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Clinical Investigations in Critical Care |

Pulmonary Risk Factors Compromising Postoperative Recovery After Surgical Repair for Congenital Heart Disease*

Hari P. R. Bandla, MD; Robert L. Hopkins, MD; Robert C. Beckerman, MD, FCCP; David Gozal, MD, FCCP
Author and Funding Information

*From the Sections of Pediatric Pulmonology (Drs. Bandla, Beckerman, and Gozal) and Critical Care (Dr. Hopkins), Department of Pediatrics, Tulane University School of Medicine, New Orleans, LA.

Correspondence to: David Gozal, MD, FCCP, Section of Pediatric Pulmonology, Department of Pediatrics, Tulane University School of Medicine, SL-37, 1430 Tulane Ave, New Orleans, LA 70112; e-mail: dgozal@tmcpop.tmc.tulane.edu



Chest. 1999;116(3):740-747. doi:10.1378/chest.116.3.740
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Study objectives: To identify pulmonary risk factors associated with prolonged ICU stay in young children (≤ 2 years) undergoing surgical repair for congenital heart disease (CHD).

Design: Retrospective case series analysis.

Setting: Tertiary-care facility.

Patients: Clinical records of 134 consecutive patients aged ≤ 2 years undergoing cardiac surgery for CHD were reviewed, and 37 were excluded according to inclusion criteria. Thus, 97 patients were allocated to two groups based on the duration of ICU stay: ≤ 7 days (group 1, n = 57), and > 7 days (group 2, n = 40).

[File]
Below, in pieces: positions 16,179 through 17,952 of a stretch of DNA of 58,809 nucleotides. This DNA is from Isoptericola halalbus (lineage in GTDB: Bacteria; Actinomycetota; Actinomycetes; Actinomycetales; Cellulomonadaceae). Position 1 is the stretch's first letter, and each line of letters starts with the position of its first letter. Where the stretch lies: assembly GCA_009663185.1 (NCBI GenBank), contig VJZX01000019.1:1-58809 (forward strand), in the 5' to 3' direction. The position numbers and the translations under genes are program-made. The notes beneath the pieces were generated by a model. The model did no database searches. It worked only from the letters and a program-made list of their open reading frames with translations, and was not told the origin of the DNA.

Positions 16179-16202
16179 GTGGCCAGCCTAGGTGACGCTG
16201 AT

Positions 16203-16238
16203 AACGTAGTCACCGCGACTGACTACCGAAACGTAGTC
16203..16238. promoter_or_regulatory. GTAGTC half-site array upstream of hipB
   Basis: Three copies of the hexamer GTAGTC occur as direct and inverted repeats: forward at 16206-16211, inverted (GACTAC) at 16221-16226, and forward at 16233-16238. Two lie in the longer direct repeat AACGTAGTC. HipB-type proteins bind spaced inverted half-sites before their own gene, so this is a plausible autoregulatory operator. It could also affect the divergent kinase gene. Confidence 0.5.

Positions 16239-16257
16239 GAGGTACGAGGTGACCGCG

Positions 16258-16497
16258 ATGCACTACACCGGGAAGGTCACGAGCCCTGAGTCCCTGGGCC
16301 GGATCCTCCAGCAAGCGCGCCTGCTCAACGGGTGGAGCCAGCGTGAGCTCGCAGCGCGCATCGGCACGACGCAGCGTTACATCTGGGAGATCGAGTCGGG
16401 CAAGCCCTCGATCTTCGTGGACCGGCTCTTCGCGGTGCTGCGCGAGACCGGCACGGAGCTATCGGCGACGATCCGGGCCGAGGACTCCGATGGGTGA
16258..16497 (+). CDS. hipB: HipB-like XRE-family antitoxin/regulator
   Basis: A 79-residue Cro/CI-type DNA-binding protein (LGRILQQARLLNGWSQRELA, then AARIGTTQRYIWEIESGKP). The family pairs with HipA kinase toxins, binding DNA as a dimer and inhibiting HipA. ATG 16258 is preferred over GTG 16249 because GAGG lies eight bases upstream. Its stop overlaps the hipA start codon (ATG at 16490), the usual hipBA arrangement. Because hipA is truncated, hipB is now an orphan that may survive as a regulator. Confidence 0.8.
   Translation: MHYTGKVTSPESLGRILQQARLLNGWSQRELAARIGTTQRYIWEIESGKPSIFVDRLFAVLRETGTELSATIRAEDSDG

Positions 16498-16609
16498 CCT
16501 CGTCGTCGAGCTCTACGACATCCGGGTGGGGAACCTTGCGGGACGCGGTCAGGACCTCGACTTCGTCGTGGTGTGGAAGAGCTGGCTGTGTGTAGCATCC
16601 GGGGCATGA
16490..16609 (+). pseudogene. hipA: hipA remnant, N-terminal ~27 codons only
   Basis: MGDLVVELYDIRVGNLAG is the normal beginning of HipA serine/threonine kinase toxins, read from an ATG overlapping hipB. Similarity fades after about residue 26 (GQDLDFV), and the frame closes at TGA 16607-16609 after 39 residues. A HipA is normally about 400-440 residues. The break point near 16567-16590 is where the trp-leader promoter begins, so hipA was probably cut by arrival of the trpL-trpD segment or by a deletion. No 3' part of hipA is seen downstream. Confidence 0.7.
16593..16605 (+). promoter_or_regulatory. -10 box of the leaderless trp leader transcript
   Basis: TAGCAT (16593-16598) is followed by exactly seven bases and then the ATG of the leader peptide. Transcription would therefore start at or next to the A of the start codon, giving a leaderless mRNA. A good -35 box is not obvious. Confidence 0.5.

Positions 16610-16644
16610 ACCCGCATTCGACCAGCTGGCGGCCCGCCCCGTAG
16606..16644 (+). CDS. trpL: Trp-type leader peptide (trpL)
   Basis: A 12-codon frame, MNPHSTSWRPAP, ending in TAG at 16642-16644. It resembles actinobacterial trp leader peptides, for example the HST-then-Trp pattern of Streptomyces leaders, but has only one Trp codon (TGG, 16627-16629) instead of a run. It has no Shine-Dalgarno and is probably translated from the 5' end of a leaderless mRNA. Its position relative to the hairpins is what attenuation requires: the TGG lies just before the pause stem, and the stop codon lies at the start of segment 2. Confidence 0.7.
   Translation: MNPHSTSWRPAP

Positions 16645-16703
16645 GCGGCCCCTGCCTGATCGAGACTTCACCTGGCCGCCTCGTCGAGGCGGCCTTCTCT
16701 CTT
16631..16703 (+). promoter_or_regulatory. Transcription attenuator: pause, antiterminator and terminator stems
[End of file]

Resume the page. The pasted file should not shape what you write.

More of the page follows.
Results: Mean ICU duration for groups 1 and 2 was 3.0 ± 0.4 days and 28.1 ± 4.4 days, respectively (p < 0.001). In group 1, there were three extubation failures, whereas 41 extubation failures occurred in group 2 (p < 0.0001). A total of 22 patients (4 in group 1 and 18 in group 2) developed noninfectious pulmonary complications, such as airway problems, including extrinsic airway compression and tracheobronchomalacia (n = 6); pulmonary hypertension (n = 5); phrenic nerve palsy (n = 7); and pleural effusion (n = 8). These 22 patients (23%) contributed to the majority of total ventilator days (67%) as well as ICU stay (61%).

Conclusions: Pulmonary complications in general, and central airway problems in particular, are a frequent cause for delayed recovery following cardiac surgery in young children.

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